The 6-3 ruling came after the Court's conservative majority voted against Kristopher Love's appeal. Justices Sonia Sotomayor, Elena Kagan, and Stephen Breyer dissented their colleague's decision.
"When racial bias infects a jury in a capital case, it deprives a defendant of his right to an impartial tribunal in a life-or-death context," Sotomayor wrote. The majority who voted against Love's appeal did not offer a reason for their decision.
In 2015, Love was hired by Brenda Delgado to kill her ex-boyfriend's new girlfriend, Dr. Kendra Hatcher. Love fatally shot Hatcher in her car and robbed her and was convicted of capital murder in 2018 and sentenced to death.
Court records from the trial obtained by CNN indicate that during jury selection, a white potential juror, Zachary Niesman, said he relied on "statistics" to inform his beliefs about certain ethnic groups' tendency to commit violent crimes but denied harboring bias against certain racial and ethnic groups.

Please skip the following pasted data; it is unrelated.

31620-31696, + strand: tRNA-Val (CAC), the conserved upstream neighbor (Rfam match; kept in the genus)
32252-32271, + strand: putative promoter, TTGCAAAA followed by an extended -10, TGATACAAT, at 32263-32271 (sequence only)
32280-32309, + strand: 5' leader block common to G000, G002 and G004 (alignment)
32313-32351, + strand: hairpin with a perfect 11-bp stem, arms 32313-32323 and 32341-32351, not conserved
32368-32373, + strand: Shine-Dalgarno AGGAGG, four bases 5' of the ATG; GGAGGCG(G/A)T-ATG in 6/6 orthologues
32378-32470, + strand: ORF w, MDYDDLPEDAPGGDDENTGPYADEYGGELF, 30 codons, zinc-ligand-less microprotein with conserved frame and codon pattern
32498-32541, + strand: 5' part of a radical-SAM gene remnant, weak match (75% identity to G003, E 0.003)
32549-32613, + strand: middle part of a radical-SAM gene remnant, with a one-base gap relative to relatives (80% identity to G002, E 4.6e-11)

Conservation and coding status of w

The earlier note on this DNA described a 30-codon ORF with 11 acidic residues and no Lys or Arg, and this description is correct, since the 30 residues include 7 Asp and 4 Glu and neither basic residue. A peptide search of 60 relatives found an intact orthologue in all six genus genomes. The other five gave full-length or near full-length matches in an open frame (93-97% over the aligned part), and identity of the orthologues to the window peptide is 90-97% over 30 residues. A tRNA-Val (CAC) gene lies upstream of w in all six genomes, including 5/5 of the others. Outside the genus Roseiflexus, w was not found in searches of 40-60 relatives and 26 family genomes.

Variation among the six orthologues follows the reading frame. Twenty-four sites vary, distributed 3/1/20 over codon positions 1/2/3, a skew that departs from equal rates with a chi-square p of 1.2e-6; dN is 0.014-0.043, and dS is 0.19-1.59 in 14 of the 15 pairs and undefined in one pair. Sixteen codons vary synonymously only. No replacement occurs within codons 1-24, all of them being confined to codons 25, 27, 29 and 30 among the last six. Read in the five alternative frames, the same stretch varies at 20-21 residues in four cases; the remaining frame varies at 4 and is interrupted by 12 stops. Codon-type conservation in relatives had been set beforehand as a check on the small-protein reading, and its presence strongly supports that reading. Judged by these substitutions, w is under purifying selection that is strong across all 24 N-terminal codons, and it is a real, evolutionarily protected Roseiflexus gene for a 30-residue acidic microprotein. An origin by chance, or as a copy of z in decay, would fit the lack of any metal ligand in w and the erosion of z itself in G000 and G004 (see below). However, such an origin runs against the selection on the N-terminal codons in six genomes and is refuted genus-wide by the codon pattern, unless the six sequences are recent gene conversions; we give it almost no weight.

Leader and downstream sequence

When both sides further questioned Niesman further, the potential juror said he saw the data in crime reports on the news. The defense pushed back against allowing Niesman to serve, but the judge ultimately allowed him to be seated.
The Texas Court of Criminal Appeals argued that there were two additional opportunities for the juror to be struck and that Love did not adequately show that he was harmed under state law.
Sotomayor disagreed and said the Texas Court's decision was "plainly erroneous."
"Over time, we have endeavored to cleanse our jury system of racial bias," she wrote, adding that the Texas court should have taken the time to review Love's constitutional claim.
"The task of reviewing the record to determine whether a juror was fair and impartial is challenging, but it must be undertaken, especially when a person's life is on the line."